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How teams are breaking the Pacers’ 2-3 zone

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And what can be done about it.

Indiana Pacers v Minnesota Timberwolves Photo by Hannah Foslien/Getty Images

Last February, about a month before the NBA shutdown due to a global pandemic, another unexpected, albeit far from life-altering, happening occurred. Breaking from tradition while mired in a six-game losing streak, the Pacers dropped into a 3-2 zone against the Brooklyn Nets, marking a significant departure from the team’s long-held conservative defensive principles. Back then, with the weak-side help missing in action and the point of attack defense struggling to contain, the altered form of coverage was basically being used as an occasional curveball to protect against various vulnerabilities. Now, with Nate Bjorkgren changing defenses and changing defenses frequently in an effort to throw opponents off balance, the aim of switching between man and zone and sometimes mixing man with zone is for the whirling approach to be an attack mechanism. At the present moment, however, without a full training camp to prepare and in the absence of 2/5 of the starting lineup, the early returns haven’t exactly pointed toward the zone looks being consistently disruptive as much as sporadically haphazard, at least by comparison to the rest of the league.

In fact, according to Synergy, among the seven teams that have run zone at least five percent of the time, only the Sacramento Kings, who are currently sporting the NBA’s leakiest overall defense, have allowed more points per possession. On Wednesday, for example, Minnesota scored points on 10 of Indiana’s 17 zone possessions and exposed several soft spots that continue to recur with the 2-3.

Let’s take a closer look at those issues, while of course keeping in mind that basketball is dynamic, meaning that the rules of who should be doing what aren’t always as simple in real-time as they may seem in retrospect.

Ball in the high post

Typically, in 2-3 zone, the big sprints up from the middle to the play the ball in the high post. In this instance, maybe the Pacers just aren’t concerned by Jarred Vanderbilt’s shooting or playmaking, but this is a massive hole to be surrendering with Ricky Rubio cutting baseline.

That’s the first problem. Once Myles Turner steps up, however, watch what happens on the kick-out. In this scheme, Doug McDermott is responsible for the first wing pass. What gets confusing is how the Pacers routinely cover the corners. Rather than pushing McDermott down on the corner pass, Malcolm Brogdon just stands flat footed in the free throw line area. Meanwhile, Turner turns and points at Sabonis, like the opposite wing is supposed to chase out in that scenario. Huh?

This is puzzling stuff, especially when it seems like the easier rotation would be for Brogdon to bump McDermott with Justin moving up to play halfway between Anthony Edwards and Karl Anthony-Towns.

Granted, the geometry isn’t identical, here, and Miami’s 2-3 is known for jumping passing lanes to the corner, but look at how Jimmy Butler takes over at the wing for Tyler Herro by comparison to Brogdon.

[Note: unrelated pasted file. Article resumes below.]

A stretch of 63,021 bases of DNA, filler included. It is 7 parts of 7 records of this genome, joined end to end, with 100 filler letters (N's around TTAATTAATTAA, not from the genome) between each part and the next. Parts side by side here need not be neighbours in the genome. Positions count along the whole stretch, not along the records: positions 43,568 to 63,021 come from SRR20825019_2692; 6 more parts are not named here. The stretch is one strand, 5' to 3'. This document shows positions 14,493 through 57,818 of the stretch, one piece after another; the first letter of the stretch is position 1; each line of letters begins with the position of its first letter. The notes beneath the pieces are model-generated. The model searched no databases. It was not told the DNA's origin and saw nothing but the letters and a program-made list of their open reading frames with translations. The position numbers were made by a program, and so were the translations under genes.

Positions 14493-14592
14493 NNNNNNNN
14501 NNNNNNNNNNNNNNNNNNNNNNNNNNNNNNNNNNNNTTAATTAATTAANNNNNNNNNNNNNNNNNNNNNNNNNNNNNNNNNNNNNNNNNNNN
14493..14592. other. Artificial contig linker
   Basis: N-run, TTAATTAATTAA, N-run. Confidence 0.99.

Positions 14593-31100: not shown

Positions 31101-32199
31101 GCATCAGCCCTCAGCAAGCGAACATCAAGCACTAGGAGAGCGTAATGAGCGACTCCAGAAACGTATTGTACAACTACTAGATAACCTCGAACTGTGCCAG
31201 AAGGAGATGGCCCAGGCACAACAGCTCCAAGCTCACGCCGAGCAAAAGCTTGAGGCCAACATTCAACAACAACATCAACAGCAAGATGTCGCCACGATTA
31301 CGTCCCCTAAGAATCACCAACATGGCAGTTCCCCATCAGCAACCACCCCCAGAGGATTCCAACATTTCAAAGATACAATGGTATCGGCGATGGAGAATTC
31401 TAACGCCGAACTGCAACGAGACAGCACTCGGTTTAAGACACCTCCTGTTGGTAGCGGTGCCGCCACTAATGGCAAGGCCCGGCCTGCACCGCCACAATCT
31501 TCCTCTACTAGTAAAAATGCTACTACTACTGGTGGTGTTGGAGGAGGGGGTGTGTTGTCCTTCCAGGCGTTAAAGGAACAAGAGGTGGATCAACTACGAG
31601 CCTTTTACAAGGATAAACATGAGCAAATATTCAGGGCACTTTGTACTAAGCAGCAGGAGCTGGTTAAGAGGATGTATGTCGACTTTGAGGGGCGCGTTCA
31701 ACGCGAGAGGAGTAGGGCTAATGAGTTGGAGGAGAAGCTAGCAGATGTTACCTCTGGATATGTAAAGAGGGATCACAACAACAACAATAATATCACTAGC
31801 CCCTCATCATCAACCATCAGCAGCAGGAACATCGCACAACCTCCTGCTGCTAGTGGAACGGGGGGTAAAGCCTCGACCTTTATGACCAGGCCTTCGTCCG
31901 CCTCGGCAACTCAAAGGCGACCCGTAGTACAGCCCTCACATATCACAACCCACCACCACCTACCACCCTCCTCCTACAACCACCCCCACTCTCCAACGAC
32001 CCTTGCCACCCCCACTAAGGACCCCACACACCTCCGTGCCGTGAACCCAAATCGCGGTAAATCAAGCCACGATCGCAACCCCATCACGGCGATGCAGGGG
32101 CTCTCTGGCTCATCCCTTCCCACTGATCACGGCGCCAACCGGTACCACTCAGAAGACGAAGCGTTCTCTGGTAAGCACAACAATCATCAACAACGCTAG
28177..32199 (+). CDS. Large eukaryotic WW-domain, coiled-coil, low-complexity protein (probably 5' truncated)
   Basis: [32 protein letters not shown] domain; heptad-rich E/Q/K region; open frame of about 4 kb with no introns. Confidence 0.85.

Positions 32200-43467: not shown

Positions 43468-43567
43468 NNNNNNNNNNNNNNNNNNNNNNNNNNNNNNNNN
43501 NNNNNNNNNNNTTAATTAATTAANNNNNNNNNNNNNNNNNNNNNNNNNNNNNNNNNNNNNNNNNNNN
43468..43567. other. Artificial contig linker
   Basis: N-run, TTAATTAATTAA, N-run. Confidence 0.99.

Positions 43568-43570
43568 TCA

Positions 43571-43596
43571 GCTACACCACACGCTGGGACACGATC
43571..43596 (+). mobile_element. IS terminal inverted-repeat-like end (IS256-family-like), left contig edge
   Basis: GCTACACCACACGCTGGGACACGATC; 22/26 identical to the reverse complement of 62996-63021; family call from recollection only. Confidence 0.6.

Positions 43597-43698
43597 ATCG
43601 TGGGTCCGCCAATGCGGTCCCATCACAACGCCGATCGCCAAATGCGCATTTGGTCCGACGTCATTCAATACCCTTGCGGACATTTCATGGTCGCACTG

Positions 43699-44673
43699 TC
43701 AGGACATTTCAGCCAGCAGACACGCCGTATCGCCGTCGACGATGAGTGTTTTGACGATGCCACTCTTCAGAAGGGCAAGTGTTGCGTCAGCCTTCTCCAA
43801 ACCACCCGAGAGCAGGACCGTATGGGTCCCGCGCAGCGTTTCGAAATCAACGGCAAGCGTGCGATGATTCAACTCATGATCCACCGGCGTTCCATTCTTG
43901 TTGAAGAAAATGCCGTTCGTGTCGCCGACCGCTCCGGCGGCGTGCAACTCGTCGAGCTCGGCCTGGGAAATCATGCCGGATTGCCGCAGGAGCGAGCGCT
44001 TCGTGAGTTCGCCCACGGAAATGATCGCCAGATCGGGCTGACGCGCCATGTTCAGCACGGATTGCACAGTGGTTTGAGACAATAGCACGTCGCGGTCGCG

Again, basketball is complex. McDermott is rushed to closeout, so maybe Brogdon is expecting the shot to go up off the first pass? Or, maybe this is just an isolated incident.

Bump Downs

Well...that would be a completely reasonable explanation if not for how often it is that the corner gets left open, especially on swing-swing reversals. Consider, for instance, that the Pacers basically have two options on this possession against Detroit. As the ball hops around the perimeter, eventually making it to the left wing, either Brogdon has to bump McDermott to the corner, as was illustrated in the prior section, like so...

Or, Myles Turner has to hightail it for the corner, which is what happened.

To be fair, this closeout wouldn’t have been as long, if Turner had recognized that he didn’t need to stay attached to Isaiah Stewart with Sabonis standing right there.

That said, is this really what the Pacers want? Myles, or whichever big is playing middle, leaving the paint to lumber out to shooters?

Baseline Plays

Whatever the case, that wing rotation routinely gets botched. Consider this inbounds play against Minnesota, for instance. To recap, Brogdon’s job is to take the initial wing pass until Lamb can bump him down. But Lamb is already there, ready to relieve him. In that event, Brogdon should be concerning himself with locating the inbounds passer and covering the corner — not doubling the ball. And yet, because two players are defending one, all it takes is a quick touch pass out of the post to generate another open shot.

Per Synergy, the Pacers rank 25th in defending baseline out of bounds plays, which they guard almost exclusively with 2-3 zone. To that point, teams don’t exactly seem surprised by the change in coverage anymore, and at times, it can almost appear like the Pacers are using the zone as an opportunity to steal rest. Credit Jaden McDaniels for the cut assist that sucked in Sabonis and opened up the corner, but defending cuts typically falls under the purview of the defender playing middle.